It’s easy to become so busy during the divorce process. Most people have to balance careers and childcare WHILE dealing with divorce. Some even go back to school to earn a degree. So once the divorce process is complete, make sure you take the time to rest and rejuvenate.
- Vacation. Learn there’s nothing wrong with treating yourself a little. For those who can’t travel, a staycation can also be a good option to rest.
- Learn to say “no”. Many friends may want to reach out and make sure you’re doing well. If you need time alone, make sure you acknowledge it and let your friends know.
- Exercise. Divorce provides a good “reset” starting point. If you’ve always wanted to get fitter, this could be the time to start! Exercising can also be a great chance to meet people at the gym or spend some good alone-time.
- Hobbies. Try cooking a healthy meal for yourself or read a book. Expand your horizons with a new hobby.
Spend your time well
One thing that surprises newly divorced individuals is how much time they now have to spend. Whereas before they might spend time with their spouse (or just waiting on them), they now are free to do what they want. Some individuals might find the opposite (perhaps child-care now takes up more time since there’s no one to help). But this tends to be a minority of people. Regardless, once you have the freedom to make your own decisions, make sure you fill your time with meaningful activities.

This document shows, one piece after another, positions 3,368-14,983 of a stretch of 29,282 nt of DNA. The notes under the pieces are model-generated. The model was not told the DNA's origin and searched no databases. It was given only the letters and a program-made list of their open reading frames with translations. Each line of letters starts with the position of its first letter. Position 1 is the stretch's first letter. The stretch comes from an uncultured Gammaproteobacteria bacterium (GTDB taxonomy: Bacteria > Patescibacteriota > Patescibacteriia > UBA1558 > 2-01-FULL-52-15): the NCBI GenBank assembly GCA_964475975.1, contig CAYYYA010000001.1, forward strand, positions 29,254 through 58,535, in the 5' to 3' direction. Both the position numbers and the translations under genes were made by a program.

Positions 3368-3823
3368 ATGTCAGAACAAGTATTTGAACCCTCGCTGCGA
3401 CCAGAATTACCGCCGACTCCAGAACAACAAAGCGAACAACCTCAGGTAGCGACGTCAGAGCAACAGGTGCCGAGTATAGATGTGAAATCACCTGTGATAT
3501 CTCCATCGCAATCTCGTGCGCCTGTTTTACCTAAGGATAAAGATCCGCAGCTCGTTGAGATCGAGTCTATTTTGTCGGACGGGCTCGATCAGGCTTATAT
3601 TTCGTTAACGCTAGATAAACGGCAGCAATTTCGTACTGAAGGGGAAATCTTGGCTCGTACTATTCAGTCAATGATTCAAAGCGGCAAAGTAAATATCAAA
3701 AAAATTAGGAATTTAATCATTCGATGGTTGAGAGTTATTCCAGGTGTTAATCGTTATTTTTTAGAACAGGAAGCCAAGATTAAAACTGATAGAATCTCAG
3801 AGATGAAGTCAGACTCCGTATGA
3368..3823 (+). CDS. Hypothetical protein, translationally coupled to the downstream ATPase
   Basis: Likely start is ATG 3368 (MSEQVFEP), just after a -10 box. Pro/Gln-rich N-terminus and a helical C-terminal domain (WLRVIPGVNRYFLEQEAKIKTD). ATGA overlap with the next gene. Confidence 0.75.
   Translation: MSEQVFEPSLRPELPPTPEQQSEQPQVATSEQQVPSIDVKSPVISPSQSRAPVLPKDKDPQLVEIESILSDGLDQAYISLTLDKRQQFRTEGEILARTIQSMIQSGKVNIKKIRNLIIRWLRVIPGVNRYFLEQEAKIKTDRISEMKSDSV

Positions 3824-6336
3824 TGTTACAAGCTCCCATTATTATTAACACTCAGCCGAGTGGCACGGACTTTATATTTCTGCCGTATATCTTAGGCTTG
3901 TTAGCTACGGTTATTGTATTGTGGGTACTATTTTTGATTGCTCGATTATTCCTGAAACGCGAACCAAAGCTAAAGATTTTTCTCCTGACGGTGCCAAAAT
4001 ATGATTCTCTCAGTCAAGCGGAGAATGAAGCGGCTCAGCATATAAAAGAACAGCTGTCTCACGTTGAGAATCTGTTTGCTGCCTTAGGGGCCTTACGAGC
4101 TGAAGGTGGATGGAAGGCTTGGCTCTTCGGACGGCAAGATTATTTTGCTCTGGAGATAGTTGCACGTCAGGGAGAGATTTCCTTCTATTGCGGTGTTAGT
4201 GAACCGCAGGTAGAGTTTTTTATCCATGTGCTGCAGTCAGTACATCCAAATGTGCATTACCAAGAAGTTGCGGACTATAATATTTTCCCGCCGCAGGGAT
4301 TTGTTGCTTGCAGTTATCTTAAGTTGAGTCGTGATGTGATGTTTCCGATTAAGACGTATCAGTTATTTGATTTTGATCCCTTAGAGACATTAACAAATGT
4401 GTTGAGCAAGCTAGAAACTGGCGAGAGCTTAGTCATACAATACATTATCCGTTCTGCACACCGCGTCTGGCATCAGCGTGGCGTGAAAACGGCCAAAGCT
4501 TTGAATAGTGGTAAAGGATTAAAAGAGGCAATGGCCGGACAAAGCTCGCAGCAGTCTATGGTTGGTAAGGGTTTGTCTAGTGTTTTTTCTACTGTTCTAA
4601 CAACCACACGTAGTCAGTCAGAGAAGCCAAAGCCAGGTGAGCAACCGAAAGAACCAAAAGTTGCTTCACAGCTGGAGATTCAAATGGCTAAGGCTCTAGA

3. Plan for the future
For most people, divorce opens a new chapter in their lives. Whether we realize it or not, our spouses have an enormous impact on our lives. What work we do, where we live, how we dress… the influence is often unintentional, but it’s powerful nonetheless.
Thus, the final leg of coping with separation involves planning for the future. Reliving the past is fine for closure, but at a certain point, it’s healthy to move on with your life.
How will you spend your time? For many, divorce means re-entering the workforce or obtaining higher education. Even with sufficient alimony, many people still want to re-enter the workforce.
- Personal fulfillment. Many people find meaning and fulfillment in using their innate talents towards the service of others.
- Social connections. Work can be an important social outlet for individuals. The best work environments gather similar people and direct them towards the same shared goal.
- Limited alimony. Spousal support often lasts for 5-10 years, but then tapers off. Having a career built up can help cushion against any drop in alimony payments. It also provides a form of insurance in case your spouse becomes unable to pay alimony.